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HST 276/AMS 276: Mon, Week 5- The Imact of World War II on Sexual Practices

by: Sophie Modzelewski

HST 276/AMS 276: Mon, Week 5- The Imact of World War II on Sexual Practices HST 276

Marketplace > DePaul University > History > HST 276 > HST 276 AMS 276 Mon Week 5 The Imact of World War II on Sexual Practices
Sophie Modzelewski
GPA 4.0

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About this Document

These notes cover the reading and the film that will be reviewed in class tomorrow.
The History of Sex in America: Late Victorians to the Present
Dr. Allison McCracken
Class Notes
HST 276, AMS 275. DePaul, America, Sex in America, History of Sex, DePaul University
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This 4 page Class Notes was uploaded by Sophie Modzelewski on Sunday January 31, 2016. The Class Notes belongs to HST 276 at DePaul University taught by Dr. Allison McCracken in Winter 2016. Since its upload, it has received 36 views. For similar materials see The History of Sex in America: Late Victorians to the Present in History at DePaul University.


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Date Created: 01/31/16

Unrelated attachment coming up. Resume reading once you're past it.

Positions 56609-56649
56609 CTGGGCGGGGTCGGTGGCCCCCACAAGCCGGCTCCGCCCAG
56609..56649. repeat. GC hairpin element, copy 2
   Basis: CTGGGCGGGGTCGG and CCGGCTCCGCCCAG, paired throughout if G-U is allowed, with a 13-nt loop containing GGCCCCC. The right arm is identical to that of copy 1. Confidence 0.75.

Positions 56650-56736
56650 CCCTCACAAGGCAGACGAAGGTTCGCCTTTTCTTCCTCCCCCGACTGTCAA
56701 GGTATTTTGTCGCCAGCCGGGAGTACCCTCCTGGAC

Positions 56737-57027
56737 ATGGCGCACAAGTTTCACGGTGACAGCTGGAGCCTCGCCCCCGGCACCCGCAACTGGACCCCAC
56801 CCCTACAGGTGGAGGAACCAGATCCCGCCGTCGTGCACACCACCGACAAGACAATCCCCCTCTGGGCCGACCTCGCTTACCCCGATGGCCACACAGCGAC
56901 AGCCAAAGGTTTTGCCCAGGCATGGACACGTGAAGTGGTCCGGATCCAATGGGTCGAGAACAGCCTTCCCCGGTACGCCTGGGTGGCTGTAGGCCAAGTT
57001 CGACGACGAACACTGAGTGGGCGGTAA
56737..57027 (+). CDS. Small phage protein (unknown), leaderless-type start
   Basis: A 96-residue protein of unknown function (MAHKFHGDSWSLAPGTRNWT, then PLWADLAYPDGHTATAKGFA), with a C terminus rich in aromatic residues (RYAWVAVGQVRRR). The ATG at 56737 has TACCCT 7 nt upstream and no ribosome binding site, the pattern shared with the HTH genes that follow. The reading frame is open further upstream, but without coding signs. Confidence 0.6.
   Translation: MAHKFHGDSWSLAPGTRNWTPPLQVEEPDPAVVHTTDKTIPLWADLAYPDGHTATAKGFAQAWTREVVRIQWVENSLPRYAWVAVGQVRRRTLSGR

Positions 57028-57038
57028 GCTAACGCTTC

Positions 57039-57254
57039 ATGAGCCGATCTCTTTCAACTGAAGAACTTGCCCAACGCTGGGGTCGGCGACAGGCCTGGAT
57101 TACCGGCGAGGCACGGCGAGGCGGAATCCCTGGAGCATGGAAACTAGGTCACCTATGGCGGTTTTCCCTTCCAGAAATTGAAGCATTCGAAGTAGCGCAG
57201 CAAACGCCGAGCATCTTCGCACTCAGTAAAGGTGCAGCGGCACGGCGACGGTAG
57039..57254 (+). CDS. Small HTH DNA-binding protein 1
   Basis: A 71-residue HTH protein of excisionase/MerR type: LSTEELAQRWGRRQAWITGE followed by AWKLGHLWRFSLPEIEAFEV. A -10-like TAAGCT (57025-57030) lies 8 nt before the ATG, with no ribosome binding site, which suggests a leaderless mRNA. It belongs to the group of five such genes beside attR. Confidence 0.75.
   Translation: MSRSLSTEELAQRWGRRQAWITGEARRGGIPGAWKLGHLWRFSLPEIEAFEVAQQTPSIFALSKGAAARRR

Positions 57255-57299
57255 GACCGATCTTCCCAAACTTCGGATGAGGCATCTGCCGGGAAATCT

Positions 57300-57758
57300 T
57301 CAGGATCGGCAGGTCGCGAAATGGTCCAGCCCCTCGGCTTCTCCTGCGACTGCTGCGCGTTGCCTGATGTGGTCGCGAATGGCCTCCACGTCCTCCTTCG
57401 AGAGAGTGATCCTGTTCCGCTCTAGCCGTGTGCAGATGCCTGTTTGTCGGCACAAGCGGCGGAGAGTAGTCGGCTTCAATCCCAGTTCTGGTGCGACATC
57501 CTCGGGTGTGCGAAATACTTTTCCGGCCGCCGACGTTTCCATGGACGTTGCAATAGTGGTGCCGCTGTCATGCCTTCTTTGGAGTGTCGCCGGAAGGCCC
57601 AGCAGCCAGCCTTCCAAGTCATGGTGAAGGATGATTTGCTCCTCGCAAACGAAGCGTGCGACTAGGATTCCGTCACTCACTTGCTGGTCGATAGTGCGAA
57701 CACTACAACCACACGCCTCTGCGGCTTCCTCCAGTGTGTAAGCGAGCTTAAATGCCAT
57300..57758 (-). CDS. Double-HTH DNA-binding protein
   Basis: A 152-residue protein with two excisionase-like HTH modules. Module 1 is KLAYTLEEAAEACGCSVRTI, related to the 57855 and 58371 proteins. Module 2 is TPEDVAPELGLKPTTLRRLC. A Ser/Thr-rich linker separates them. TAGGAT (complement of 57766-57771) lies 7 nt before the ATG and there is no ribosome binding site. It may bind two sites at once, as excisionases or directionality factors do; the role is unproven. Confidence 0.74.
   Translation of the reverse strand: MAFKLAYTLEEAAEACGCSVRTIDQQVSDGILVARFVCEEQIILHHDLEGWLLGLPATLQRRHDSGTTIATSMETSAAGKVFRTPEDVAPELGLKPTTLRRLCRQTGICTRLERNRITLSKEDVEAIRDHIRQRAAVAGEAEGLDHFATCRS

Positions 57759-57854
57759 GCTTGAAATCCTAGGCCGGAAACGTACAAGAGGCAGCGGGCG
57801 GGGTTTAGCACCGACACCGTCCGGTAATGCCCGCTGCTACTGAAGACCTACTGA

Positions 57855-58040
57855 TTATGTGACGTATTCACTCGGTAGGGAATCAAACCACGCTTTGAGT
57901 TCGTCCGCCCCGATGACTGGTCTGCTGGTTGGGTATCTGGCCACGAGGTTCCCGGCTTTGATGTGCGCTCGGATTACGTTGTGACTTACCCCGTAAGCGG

HST 276/ AMS 276 Week 5 Monday, February 1 Intimate Matters page 288­295 1. The Homosexual Menace 1. Middle class more sexually liberated 2. 1. Hetro behavior only 2. Homo labeled “deviant” 1. Penalties became more strict in 1950/60s  3. 1920/30s  1. Homosexual desire was now named and slowly growing 1. The Captive 1. Dealt with lesbian relationships 2. Lesbian couples­ went to see it 2. The Well of Loneliness 3. Strange Brother 1. Fiction novels 2. Gay characters 3. Idenetifiable characters 4. Gay Entertainment in Black Culture 1. Harlem singers sang about homosexual desire 1. “Sissy Man” 2. “Fairey Blues” 3. “Bull Dagger Woman” 4. WWII propagated psychiatric definitions of homosexuality  1. Created new opportunities to spread gay culture 1. Took men and women from small town life 2. Placed them in sex segregated environments 1. Men: army life 2. Women: moving to cities for war jobs living, working and associating  with only women 3. Created a perfect setting for gay/lesbian interactions 4. Gay people could be safe with interactions 1. “‘eye contact’ that first alerted him to the presence of other gay men in the service” 5. Civilian Life 1. Freedom during the way years 1. Escaped watchful eyes of families 2. Gay/ Lesbian Meeting places 1. YMCA had military men on leave 1. “Vining found it to be a sexual wonderland.” 3. Lesbian Bars 1. “do you like boys, or do you go out strictly with girls?” 2. Returned from service in Large Cities 1. San Francisco 6. Gays and Lesbians interacted more freely 1. Created institutions for their identity 1. Creation of the gay bar 1. San Jose, Denver, Kansas City, Buffalo, Worcester 2. Subcultures developed differently 1. Lesbian subculture smaller 1. In businesses 2. Friendship networks 3. Bars weren’t compatible to traditional female sexuality 2. Gay men had more social opportunities 7. Opening of subculture to public 1. Publication of Howl 2. Kinsey Study 1. Dwarfed previous calculations 1. 50% acknowledged homosexual responses 2. +1/3 had homosexual experience to orgasm 3. 4% exclusively homosexual adults 4. 1 in 8 mostly homosexual for at least 3 years 5. Homosexuals scattered through populations 8. Americans looked to blame gays in the Cold War­ginsberg­howl­and­other­ 1. Gays were a threat to national security poems­review/ 2. McCarthyism  1. Homosexuals accused and fired in the government 1. Labeled moral perverts 3. Eisenhower banned homosexuals from all federal jobs 4. Shutdowns of gay and lesbian meeting places 9. Beginning of Sexual Liberation Coming out Under Fire I. Gays labeled as undesirables A. Shunned in military life II. WWII A. Patriotic war 1. There was a need for people to go to war 2. “What can I do?” 3. People saw a need to serve and did so B. The call for draft 1. “What does it mean if I get called into War’ C. Military wanted to prevent psychiatric causalities that were in WWI 1. Homosexuality seen as unfit i. Double bind a Go home and be labeled gay b Fight and lie yourself ii. Psychiatric Evaluation a Questions were asked  i. “Do you like men?” ii. “Do you date men?” iii. “Have you had any obsessions?” iii. Rorschach Test iv. Called “Pseduopsychiatry”  D. Women in the War 1. WAVES i. Women in the military ii. Interactions could occur iii. Gay vocabulary often didn’t exist in traditional culture 2. WACC 3. Women could interact and romance 4. Sex Hygiene Course i. “Comradeship with fellow WACC rather than men” ii. Can be formed into model women and fighters 5. III. Service A. Basic Training B. Never Alone 1. “Drop your cocks” 2. Checking other people out was common 3. Uniform i. Made it less obvious for people to look “butchy” C. Articles of War 1. Article 93 2. Scare Tactics i. Gay sex was made ill­advised a Sex was common D. New ways for Gays to interact  1. Found quiet ways to move about i. Wasn’t necessary to really speak out or announce gayness a “They spoke about showbiz and I loved showbiz” b Found ways to interct i. Sent mail 1. Sent publications to other bases ii. Went to movies iii. “the gays know each other and can tell” c Passed as normal d Fit in i. Gay men declared unfit for combat 1. Seen as week ii. Many still went into combat 1. Well regarded and decorated e Sometimes allowed homosexuals to serve if needed ii. Drag Shows were common a No one seemed to care as long as they made people laugh E. Removal from Armed Services 1. Spies i. Look into the actions of people 2. Labeled as sodomy i. Women couldn’t be charged 3. Now labeled as psychopaths i. Word of mouth a People could now be charged from others allegations ii. Humiliated iii. Ward 8 a Was seen as mentally insane 4. Nine thousand homosexual discharges i. Stigmatized ii. Afraid to return home iii. Covered up life